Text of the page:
Editor’s note: This article was initially published in The Daily Gazette, Swarthmore’s online, daily newspaper founded in Fall 1996. As of Fall 2018, the DG has merged with The Phoenix. See the about page to read more about the DG.
Today, The Daily Gazette welcomes a few new writers with an issue written entirely by first year students. Welcome to Swarthmore, Class of 2019!
Our hands were trembling, our smiles were beaming, and our minds were racing. Our first day at Swarthmore was a wild tangle of fluctuating emotions and darting concerns.
We shuffled into our renown Scott Amphitheater on Tuesday evening for our first community gathering. Captivated by the greenness of the surroundings, four hundred and seven freshmen listened with open hearts as a few Swarthmore staff spoke about community values.
One professor’s speech referred to the hat in this light-hearted joke:
A demanding Jewish grandmother is watching her grandchild play on the beach when a huge wave comes and takes him out to sea. She pleads, “please God, save my only grandson. I beg of you, bring him back.” And a big wave comes and washes the boy back onto the beach, good as new. She glares up to heaven and says, “He had a hat!”
The crowd burst into unanimous laughter at the ridiculousness of the grandmother’s demands. The grandson had just been supernaturally rescued from the tides, yet the grandma isn’t satisfied simply because one of his (arguably most insignificant) articles of clothing was still missing.
Professor Berger tells us that we should forget the hat, that we should aim high but to stop nit-picking at the fine lines. Why stress another mile when you’ve already ran seven? Why learn another name when you’ve already crammed a hundred? Indeed, it’s absolutely important to take a step back once in a while to just appreciate how much you’ve already achieved.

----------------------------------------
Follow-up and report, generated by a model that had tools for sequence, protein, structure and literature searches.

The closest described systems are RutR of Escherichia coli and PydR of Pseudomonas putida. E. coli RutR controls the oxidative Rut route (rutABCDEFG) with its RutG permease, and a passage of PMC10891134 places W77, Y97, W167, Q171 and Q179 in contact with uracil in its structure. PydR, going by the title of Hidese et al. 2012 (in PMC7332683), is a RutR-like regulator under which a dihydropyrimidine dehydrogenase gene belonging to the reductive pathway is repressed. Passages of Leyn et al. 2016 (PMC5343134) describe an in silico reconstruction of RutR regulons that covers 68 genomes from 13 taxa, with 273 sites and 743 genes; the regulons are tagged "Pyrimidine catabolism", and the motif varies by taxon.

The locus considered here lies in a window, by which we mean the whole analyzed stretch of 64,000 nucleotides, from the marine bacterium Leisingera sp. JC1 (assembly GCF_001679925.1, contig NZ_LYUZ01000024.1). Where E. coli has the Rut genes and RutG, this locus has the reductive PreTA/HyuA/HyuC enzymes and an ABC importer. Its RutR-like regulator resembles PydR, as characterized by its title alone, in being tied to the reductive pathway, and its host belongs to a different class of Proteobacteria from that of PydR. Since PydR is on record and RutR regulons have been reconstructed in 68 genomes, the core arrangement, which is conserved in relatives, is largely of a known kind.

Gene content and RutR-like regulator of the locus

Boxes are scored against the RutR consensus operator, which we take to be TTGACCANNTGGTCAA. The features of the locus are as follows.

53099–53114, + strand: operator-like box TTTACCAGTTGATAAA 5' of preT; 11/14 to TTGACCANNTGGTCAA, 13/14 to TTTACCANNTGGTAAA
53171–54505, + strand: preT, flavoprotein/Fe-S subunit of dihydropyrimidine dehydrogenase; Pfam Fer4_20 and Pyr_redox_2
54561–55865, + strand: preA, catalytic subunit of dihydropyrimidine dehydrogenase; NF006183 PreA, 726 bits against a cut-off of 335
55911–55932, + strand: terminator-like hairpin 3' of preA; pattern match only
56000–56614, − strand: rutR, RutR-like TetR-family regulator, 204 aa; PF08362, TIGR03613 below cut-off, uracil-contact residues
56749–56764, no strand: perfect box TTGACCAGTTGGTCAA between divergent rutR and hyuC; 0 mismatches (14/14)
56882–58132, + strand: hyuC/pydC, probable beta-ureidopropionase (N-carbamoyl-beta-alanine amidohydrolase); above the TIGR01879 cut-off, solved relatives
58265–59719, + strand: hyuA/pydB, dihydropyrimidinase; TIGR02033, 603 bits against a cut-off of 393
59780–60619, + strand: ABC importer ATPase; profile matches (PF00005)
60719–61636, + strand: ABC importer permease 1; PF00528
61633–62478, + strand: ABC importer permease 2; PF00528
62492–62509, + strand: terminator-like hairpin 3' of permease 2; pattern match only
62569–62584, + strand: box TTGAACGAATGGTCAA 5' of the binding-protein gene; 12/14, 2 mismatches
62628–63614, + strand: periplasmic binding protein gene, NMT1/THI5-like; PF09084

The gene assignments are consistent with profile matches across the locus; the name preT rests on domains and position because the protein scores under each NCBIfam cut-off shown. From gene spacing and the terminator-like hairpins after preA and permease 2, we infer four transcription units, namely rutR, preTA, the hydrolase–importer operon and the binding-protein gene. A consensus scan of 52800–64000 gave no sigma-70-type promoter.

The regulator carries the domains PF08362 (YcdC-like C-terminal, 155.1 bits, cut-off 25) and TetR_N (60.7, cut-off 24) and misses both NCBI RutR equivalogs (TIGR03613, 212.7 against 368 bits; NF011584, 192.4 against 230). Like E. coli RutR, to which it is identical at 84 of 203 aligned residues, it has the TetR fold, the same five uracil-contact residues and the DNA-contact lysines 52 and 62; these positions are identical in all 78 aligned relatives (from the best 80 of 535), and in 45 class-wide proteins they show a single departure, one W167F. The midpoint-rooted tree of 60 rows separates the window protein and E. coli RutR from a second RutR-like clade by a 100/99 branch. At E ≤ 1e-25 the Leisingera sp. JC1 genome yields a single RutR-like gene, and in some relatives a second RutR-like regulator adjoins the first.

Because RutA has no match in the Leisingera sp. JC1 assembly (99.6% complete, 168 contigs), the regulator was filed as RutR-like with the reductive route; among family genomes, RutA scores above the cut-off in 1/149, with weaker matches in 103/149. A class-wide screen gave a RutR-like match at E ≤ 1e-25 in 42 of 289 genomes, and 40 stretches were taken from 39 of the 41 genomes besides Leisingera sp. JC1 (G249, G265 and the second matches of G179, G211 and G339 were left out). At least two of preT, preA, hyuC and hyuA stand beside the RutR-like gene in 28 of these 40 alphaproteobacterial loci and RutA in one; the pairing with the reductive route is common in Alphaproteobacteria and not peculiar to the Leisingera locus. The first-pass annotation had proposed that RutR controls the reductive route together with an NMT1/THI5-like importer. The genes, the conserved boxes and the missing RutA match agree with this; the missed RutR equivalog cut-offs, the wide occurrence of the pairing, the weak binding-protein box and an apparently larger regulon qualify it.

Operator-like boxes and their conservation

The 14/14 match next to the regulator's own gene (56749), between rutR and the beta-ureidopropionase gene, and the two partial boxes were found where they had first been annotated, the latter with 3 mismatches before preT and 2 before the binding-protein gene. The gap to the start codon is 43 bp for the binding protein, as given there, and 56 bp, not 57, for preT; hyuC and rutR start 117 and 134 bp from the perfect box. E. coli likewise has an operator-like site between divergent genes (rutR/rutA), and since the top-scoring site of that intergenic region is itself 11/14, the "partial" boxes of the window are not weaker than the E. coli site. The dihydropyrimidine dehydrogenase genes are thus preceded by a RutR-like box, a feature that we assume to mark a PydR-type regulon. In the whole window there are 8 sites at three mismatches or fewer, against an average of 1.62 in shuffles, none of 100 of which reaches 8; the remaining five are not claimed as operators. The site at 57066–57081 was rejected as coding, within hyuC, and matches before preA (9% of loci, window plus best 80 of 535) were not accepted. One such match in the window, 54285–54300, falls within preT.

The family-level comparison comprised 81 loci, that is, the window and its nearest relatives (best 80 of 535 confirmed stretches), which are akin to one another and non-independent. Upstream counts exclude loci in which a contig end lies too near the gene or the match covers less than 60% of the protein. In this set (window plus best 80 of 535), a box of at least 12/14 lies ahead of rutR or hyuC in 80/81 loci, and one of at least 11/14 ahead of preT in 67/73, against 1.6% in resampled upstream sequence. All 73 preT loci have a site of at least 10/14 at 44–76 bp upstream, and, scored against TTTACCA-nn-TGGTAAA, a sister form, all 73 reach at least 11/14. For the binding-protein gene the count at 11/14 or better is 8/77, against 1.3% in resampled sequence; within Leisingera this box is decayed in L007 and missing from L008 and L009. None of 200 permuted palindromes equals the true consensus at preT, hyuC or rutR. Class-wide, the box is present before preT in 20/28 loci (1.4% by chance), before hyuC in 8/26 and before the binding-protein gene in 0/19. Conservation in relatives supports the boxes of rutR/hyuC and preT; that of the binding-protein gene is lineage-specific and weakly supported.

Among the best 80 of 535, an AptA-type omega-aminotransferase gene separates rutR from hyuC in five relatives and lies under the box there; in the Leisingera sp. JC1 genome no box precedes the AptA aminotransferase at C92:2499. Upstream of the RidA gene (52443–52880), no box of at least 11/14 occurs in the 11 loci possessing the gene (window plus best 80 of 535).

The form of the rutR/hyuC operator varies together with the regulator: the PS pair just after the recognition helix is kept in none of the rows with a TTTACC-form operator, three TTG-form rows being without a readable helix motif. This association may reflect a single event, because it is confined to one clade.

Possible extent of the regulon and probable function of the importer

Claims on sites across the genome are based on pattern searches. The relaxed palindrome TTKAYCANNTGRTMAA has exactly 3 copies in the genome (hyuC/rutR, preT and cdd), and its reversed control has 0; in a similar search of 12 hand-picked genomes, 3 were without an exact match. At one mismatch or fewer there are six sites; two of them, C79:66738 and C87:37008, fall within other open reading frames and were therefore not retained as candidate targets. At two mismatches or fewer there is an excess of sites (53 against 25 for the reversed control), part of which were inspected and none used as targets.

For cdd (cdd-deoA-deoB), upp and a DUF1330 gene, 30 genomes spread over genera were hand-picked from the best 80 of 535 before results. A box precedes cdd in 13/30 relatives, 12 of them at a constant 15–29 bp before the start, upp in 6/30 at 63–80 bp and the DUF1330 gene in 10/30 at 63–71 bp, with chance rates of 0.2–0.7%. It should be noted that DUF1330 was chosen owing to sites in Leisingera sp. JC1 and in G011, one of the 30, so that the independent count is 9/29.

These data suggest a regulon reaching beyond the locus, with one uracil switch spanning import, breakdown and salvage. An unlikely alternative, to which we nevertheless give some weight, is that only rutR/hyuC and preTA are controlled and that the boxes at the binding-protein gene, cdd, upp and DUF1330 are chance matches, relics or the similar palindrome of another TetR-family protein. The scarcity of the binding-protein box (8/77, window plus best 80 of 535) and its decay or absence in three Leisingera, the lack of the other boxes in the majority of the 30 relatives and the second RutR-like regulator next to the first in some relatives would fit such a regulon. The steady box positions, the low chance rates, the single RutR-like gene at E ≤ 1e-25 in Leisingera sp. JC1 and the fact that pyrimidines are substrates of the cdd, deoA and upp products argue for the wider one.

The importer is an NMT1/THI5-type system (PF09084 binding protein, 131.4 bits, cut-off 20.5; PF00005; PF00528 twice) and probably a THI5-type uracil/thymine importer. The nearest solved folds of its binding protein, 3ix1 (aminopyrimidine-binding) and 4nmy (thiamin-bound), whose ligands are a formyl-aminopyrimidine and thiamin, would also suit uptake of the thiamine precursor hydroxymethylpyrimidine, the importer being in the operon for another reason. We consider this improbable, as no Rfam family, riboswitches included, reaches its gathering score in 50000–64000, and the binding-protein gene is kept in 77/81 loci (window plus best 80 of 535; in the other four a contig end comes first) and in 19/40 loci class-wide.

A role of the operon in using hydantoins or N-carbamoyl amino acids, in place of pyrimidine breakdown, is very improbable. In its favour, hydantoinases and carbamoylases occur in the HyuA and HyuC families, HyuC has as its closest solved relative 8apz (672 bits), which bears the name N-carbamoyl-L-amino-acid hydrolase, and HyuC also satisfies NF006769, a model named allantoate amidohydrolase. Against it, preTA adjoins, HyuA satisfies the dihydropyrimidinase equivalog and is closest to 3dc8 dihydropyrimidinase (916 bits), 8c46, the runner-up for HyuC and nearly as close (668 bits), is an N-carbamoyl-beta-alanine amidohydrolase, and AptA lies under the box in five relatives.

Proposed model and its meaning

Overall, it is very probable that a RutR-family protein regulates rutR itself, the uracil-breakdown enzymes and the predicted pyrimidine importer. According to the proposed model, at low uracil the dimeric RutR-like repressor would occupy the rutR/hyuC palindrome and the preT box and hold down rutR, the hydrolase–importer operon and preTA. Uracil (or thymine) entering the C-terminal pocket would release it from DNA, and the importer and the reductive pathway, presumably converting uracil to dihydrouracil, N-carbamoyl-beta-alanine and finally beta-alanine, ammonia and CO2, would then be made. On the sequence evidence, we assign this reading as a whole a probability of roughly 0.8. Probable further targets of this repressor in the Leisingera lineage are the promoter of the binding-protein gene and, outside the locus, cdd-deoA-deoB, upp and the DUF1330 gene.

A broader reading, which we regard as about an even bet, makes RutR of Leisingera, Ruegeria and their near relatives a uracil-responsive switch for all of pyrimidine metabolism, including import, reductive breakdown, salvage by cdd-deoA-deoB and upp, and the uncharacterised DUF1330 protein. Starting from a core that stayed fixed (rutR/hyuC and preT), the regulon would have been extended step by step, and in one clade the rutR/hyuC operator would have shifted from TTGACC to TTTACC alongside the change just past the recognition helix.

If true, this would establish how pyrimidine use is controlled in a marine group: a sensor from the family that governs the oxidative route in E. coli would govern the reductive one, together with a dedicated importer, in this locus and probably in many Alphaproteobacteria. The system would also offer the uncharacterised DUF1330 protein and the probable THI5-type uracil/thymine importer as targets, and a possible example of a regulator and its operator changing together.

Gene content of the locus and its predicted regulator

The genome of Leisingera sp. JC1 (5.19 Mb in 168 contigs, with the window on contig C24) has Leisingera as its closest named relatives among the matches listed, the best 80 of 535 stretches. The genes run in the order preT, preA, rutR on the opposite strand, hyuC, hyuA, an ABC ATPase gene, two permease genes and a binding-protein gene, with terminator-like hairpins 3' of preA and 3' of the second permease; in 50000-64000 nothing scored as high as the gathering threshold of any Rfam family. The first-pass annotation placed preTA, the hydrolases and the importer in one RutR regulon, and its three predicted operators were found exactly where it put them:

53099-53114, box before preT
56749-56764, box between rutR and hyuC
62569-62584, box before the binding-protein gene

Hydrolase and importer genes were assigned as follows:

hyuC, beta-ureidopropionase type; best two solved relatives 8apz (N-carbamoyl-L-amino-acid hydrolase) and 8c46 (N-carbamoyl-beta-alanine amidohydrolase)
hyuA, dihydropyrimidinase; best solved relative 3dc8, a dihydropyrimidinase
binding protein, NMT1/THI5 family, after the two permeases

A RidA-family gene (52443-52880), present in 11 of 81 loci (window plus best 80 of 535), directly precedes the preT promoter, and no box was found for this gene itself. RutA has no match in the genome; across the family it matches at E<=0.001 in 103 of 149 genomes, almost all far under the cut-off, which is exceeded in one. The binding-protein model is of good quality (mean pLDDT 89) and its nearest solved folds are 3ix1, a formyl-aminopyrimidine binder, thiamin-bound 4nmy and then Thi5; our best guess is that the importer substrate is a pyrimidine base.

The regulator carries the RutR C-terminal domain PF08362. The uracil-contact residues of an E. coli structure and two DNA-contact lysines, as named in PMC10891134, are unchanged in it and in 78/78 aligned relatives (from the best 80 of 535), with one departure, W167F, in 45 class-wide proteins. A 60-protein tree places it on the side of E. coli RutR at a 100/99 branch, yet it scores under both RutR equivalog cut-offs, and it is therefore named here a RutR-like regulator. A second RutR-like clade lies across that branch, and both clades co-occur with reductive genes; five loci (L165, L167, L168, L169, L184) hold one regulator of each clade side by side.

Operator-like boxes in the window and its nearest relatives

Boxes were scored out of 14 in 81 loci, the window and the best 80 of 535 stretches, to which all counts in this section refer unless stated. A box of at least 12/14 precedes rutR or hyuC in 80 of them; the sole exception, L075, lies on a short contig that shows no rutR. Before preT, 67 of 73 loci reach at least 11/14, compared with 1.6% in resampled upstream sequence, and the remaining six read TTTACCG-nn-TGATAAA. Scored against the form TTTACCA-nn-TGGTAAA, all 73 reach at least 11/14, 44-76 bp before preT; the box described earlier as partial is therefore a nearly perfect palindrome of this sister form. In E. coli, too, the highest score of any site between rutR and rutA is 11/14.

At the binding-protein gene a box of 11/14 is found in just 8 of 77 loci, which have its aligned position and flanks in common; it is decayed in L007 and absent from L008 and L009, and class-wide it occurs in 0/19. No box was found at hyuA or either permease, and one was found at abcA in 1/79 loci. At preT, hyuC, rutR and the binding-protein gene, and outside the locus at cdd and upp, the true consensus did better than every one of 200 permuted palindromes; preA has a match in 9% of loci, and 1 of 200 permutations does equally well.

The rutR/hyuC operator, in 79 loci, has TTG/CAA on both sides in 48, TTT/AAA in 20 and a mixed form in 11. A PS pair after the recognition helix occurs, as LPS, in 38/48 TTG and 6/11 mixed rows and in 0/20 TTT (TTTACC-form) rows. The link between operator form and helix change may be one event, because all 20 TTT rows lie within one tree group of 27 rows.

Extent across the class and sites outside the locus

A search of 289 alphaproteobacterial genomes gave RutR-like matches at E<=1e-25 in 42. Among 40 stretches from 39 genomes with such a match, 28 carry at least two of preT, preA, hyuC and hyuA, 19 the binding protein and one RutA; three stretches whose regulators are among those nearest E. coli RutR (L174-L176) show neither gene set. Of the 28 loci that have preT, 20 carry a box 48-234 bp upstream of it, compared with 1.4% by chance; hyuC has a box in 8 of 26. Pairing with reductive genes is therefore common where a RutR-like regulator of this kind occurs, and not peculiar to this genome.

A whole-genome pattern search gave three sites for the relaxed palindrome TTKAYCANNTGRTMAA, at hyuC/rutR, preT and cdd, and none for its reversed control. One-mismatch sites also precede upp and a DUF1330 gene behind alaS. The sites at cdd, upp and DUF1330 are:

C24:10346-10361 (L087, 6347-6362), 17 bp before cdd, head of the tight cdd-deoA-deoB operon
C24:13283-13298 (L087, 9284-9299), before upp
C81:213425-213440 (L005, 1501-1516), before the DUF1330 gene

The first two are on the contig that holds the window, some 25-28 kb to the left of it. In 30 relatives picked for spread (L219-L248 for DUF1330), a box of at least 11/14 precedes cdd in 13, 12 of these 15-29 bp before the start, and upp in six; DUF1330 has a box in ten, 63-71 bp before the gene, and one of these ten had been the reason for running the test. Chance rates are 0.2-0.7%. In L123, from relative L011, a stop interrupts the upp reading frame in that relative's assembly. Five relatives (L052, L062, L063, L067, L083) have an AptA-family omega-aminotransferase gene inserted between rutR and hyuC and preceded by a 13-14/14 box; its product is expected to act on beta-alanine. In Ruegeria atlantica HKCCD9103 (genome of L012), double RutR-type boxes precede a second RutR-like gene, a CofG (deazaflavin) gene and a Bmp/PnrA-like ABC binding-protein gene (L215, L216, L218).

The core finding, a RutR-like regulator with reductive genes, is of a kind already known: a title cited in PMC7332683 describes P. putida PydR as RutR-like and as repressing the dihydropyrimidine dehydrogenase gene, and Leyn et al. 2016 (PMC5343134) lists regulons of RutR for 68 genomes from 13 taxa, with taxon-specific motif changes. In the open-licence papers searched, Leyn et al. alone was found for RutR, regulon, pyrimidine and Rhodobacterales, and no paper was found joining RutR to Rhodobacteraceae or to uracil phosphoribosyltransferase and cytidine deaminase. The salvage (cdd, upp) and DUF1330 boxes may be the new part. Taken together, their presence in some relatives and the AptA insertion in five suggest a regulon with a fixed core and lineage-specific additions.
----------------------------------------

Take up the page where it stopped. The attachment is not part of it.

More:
However, it’s also important to remember that all of these little things accumulate into something even greater. An extra mile a day becomes a marathon in a month. That extra name may become a good friend in a year. I urge you to put in that extra bit of effort, to sprint to the end and achieve exactly what you aimed for.
It’s not just the details of our activities that matter—it’s the smallest moments of our days, too, that leave a lasting impression. When you walk out of Swarthmore in four years, you probably won’t value most of even the biggest events; you’ll keep vague impressions of orientation week, parties, and school breaks, but that’s about it. What you won’t forget, though, are the times you were catching a deadline and your roommate stood by to keep your pace, the times you stayed out too late and your friend walked you back to your dorm in the dark, or the time that random guy popped into your room because he had locked himself out of his own. It is all of these easily-overlooked, impromptu moments that collectively piece together an overall thrill.
Every giggle, every word of reassurance, every bit of support—together these modest acts have the power to thread an untearable bond with people whose love and trust will stay with you for a lifetime. In four years, our classmates will all move on to an even larger world. So take advantage of this time to get to know people on the other side of campus. Step away from your room to take a hike through Crum Woods with a friend. Put yourself out there for the whole school to judge.
Sometimes you do need to remember the hat.